Simplifying A-Z: H – Hoarding
H – Hoarding
When people learn that I’m a Professional Organizer, they associate it with the show “Hoarders” (which, by the way, I cannot watch at all). They often ask if I work with “Hoarders”. The short answer is…Not really. The longer explanation is that there are 1-5 levels on the Clutter Hoarding Scale. I have worked with levels 1-3, but levels 4 and 5 are best left to those with a background in psychology, because true Hoarding is a psychological disorder.
The word ‘Hoarder’ is thrown around lightly, these days, partly because of the show and party because it’s become a buzz word for anyone who has too much stuff. Many people will tell me that they have so much stuff they’re “practically a hoarder”. Others will smile and say they’re on their way to becoming one, and still others will say they have some clutter, but can’t be “classified as a hoarder”. There is a distinct line between people who are messy/cluttered and those who hoard. That line is defined by a person’s ability to function. Can they cook a meal on the stove, or are there stacks of mail on it? Can they take a shower, or is the tub/shower taken over by boxes? Can they sleep in their bed, or is it covered in clothing? Can they walk safely through their home, or are their possessions in the way?
So I’m here to set the record straight about what hoarding is, and isn’t! The International OCD Foundation Has a very detailed Fact Sheet about Hoarding. They describe Hoarding as having these 3 qualities:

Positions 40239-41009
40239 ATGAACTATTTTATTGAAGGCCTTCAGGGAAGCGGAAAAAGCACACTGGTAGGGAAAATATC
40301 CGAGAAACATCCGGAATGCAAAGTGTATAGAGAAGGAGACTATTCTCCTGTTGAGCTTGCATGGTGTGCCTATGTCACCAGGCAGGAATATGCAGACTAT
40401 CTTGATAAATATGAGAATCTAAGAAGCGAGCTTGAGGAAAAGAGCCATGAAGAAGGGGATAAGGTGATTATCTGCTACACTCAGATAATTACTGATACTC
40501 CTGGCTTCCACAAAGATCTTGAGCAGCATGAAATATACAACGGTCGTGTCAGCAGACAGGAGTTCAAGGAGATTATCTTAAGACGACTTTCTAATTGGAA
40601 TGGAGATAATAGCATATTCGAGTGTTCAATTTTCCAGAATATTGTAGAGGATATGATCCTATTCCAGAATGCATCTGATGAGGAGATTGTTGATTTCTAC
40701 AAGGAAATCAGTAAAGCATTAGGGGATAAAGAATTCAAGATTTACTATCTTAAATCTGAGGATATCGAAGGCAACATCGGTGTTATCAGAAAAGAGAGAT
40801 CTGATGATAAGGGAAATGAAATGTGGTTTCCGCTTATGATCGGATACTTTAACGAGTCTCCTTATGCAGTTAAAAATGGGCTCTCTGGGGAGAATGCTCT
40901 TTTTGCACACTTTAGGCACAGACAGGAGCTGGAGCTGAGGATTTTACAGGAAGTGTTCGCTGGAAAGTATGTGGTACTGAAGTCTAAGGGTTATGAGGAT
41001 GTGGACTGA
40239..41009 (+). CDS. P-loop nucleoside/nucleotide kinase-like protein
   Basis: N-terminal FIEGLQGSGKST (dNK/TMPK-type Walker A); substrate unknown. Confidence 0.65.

“1. A person collects and keeps a lot of items, even things that appear useless or of little value to most people
2. These items clutter the living spaces and keep the person from using their rooms as they were intended
3.These items cause distress or problems in day-to-day activities.”
People who hoard, have brains that work slightly differently. Their priorities tend to be different, and their rational thinking skills are compromised. People hoard for various reasons.
• Most have experienced a tremendous loss, and their coping mechanism tells them that holding onto items is a way to deal with that loss.
• They assign value to things which have no actual value and therefore feel it is unwise for them to part with the items.
• Their belief that items may be useful someday, which compels them to save more of those items than they could possible ever use.
The people who hoard aren’t the ones who typically call Professional Organizers, or anyone for that matter. Most are ashamed of their spaces and don’t want anyone to know about their issues. The sad fact is that help is typically forced on them when others see their homes. A family member or friend may seek help for a person they believe is hoarding. A landlord may require their apartment to be cleaned up in order to continue to stay in the apartment. And, sadly, many homes of people who hoard only get cleared after they have passed away, which is often a direct cause of the hoarding.
However, like any chronic disorder, there is no easy fix, and cleaning out the home of a person who hoards, before they are ready to do so, can be damaging to them. It also will most definitely result in a continuation of the hoarding behavior, which will bring them right back to the same place they were before their home was cleared.
So the takeaway here is:
• Hoarding is a psychological disorder that requires assistance from a mental health professional, first and foremost.
• “Hoarder” is a derogatory term and not a buzz word.
• Chances are, you don’t have hoarding tendencies, and you just need a bit of help organizing your clutter.